Active learning strategies WORK!
There are a seemingly endless number of active learning strategies that can be used during a live, in-person lactation course. I use them better than anyone I know. But so far, I have been able to use only a very small percentage of those strategies when teaching online.
We’ve had literally thousands of people attend our live, in-person lactation courses, or courses with a live component. I ask them to name reasons why they attended “live” was important to them. I have stacks of cards with their written answers.
My team and I continue to be astonished by the number of attendees who echo my top reason, telling us things like: “I can’t learn by watching videotapes. I need some interaction to make the learning stick.” We have also encountered several people who have bought an all-online course elsewhere, and later bought our blended course. (“Blended” being a course with a live component.)
A live, in-person lactation course has fewer distractions.
Young mothers often tell me, “I can’t hunker down to serious study at home. There are always meals to be made, kids to take care of, and phones to answer. I need to immerse myself in the learning experience.”
Optimal learning occurs in conducive learning environments. Honestly, it’s not about putting in the time—it’s about passing the exam! Although online education is “convenient” for some, others find it just opens the door for too many distractions.
Online learning takes focus away from the content.
Online learning requires that you use your tech-savvy skills, organize tons of materials, discipline yourself to budget your time, and self-determine your mastery (or lack thereof) of the course content. All of that detracts from the time and attention you could be paying to the stuff that’s going to be on the IBLCE exam.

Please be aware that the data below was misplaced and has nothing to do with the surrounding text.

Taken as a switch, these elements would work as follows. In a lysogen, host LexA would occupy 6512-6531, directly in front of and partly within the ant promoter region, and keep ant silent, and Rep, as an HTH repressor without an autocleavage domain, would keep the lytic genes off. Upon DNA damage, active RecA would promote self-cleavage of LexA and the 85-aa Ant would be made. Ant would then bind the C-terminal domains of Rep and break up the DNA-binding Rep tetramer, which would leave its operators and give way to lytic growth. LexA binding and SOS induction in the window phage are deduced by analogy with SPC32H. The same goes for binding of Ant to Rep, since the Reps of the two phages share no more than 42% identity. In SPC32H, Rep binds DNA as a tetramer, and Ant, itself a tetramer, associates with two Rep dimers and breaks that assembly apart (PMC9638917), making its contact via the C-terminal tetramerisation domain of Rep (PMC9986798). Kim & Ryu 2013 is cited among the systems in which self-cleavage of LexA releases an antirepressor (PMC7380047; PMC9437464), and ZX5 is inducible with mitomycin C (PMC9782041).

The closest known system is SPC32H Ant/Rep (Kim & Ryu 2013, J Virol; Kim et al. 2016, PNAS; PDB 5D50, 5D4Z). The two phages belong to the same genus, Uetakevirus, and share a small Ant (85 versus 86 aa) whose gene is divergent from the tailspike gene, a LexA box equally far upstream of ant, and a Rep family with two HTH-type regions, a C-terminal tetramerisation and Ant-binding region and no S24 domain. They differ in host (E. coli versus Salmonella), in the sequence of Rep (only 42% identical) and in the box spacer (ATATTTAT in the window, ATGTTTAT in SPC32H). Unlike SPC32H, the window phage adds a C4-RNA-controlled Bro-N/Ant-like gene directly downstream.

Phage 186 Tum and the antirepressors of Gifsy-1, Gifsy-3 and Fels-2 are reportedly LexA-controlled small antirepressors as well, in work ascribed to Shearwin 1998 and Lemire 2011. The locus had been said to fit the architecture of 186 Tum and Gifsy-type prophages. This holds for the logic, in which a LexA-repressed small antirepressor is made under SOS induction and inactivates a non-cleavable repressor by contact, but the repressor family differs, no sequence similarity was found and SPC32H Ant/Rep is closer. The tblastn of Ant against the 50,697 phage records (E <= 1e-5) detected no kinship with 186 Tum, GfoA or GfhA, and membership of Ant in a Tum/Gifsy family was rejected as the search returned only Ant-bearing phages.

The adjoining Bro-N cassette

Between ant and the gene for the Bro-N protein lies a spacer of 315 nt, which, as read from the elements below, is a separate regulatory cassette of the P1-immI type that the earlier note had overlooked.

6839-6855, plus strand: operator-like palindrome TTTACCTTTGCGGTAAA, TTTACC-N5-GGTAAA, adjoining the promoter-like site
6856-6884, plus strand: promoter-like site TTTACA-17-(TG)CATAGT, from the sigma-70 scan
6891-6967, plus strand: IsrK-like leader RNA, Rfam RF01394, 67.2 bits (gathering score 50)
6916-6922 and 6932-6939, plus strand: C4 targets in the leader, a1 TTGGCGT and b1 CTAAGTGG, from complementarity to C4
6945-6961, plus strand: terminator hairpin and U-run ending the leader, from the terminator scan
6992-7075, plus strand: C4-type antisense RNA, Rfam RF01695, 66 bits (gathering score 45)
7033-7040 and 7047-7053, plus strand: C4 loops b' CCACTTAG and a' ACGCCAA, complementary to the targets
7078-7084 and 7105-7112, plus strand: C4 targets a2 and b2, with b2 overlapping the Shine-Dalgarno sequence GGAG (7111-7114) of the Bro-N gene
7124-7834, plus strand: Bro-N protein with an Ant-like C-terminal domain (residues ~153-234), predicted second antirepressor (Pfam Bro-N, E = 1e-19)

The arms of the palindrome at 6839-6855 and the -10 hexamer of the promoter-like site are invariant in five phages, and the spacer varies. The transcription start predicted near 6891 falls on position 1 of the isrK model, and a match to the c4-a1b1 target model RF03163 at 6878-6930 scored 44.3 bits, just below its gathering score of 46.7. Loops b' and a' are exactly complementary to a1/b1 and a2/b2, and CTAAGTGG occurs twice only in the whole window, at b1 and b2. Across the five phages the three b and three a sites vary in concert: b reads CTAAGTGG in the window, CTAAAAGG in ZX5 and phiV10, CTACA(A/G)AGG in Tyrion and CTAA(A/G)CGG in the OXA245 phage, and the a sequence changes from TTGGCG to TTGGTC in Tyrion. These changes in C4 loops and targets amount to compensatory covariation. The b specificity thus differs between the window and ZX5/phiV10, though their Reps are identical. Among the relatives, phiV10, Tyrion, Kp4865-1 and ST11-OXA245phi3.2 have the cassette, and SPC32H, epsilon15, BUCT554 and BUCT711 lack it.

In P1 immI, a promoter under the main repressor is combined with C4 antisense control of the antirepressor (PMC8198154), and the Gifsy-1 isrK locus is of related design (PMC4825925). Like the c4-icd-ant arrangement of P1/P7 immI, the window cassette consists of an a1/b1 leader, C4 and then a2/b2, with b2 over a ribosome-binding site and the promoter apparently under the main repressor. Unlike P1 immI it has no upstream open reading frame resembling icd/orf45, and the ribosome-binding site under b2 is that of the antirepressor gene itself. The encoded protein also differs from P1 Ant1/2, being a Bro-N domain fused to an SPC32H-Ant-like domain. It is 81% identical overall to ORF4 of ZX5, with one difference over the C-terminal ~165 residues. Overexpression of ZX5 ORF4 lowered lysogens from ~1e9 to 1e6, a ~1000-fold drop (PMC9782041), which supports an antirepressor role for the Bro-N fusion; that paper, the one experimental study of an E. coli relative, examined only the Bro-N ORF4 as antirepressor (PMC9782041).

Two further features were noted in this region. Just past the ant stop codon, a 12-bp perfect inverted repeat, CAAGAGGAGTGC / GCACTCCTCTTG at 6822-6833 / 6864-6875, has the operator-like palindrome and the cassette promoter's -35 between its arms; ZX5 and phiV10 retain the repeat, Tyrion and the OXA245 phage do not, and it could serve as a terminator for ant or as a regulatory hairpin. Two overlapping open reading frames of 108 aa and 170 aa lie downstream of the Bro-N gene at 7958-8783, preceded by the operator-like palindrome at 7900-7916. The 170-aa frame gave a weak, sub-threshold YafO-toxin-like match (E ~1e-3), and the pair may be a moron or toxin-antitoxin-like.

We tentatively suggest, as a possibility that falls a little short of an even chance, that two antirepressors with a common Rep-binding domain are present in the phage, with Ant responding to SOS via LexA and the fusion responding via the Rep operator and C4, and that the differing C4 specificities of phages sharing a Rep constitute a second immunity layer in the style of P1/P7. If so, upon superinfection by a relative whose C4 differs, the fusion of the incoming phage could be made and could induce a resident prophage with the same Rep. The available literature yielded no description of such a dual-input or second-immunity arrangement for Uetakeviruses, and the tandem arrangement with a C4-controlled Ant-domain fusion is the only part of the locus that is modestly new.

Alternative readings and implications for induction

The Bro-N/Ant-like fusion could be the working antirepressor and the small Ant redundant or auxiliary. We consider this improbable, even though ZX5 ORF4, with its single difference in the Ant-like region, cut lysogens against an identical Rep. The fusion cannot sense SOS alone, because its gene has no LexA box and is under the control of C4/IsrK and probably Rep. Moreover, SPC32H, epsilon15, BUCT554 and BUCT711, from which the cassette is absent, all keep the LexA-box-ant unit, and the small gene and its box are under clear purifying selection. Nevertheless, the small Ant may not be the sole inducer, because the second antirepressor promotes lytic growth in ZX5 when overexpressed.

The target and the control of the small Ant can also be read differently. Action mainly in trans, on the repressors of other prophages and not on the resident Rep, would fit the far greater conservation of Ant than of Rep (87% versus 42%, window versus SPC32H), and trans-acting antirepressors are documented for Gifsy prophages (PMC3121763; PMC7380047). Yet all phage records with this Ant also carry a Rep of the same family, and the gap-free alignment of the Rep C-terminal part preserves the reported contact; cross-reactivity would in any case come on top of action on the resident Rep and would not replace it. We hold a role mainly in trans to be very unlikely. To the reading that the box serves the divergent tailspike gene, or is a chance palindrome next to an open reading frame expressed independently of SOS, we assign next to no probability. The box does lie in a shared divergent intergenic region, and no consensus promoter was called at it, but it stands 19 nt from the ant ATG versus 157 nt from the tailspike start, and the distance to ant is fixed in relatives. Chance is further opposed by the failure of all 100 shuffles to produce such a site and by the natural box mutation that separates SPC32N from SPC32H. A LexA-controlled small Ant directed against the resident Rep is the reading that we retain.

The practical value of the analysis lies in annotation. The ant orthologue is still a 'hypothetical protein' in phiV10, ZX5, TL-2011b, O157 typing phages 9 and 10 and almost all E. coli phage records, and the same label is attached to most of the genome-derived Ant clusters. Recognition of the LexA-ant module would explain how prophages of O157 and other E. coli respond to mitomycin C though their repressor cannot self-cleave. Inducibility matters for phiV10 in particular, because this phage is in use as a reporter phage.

In-person learning provides effective, personal feedback.
Although feedback requires an interaction, it’s more than interaction. Feedback occurs when the instructor reads your non-verbal cues, stops, and asks if you are confused. Feedback is what happens when the instructor or someone else chats with you in the hallway during the break, and helps you to overcome your individual learning block, or expresses confidence in your ability to pass the IBLCE exam.
Feedback can be direct, and swift. When people have misconceptions, I’m fairly blunt. I say, “Nope, not true.” The flaming extroverts have often remarked, “I’m so glad you just told me flat-out NO. I’d rather be wrong today than on the exam!”
What amazes me even more is when even the quietest introverts speak up at least once by the end of the course. It’s not a “requirement.” But having an environment where everyone feels free to chime in is valuable.
Make no mistake; everyone values feedback when facing such a daunting exam.
A live, in-person lactation course has non-academic benefits.
People often tell me how much they enjoy the “networking” of the in-person course. By “networking”, they don’t mean exchanging business cards. They mean going to lunch with other attendees. They mean sharing war stories, study strategies, practice-setting frustrations, and more. Shucks, occasionally one attendee knows a person who might be a mentor for another attendee, and she offers to make the introduction. How great is that?
Sure, I get it; these days, people have all sorts of electronic means for interaction. But you can’t tweet a handshake. Being friends on Facebook is not the same as lingering over a cold beer after the course is dismissed on the first day, or getting a colleague’s hug on the last day.
Taking our online-only course—or anyone else’s—isn’t bad. It can be good! But it’s not for right for everyone.
Want to join Marie at her Comprehensive Lactation Course, or Lactation Exam Review? Maybe Marie’s hugely popular Picture Perfect seminar? You’ll find registration information and other details on our web site.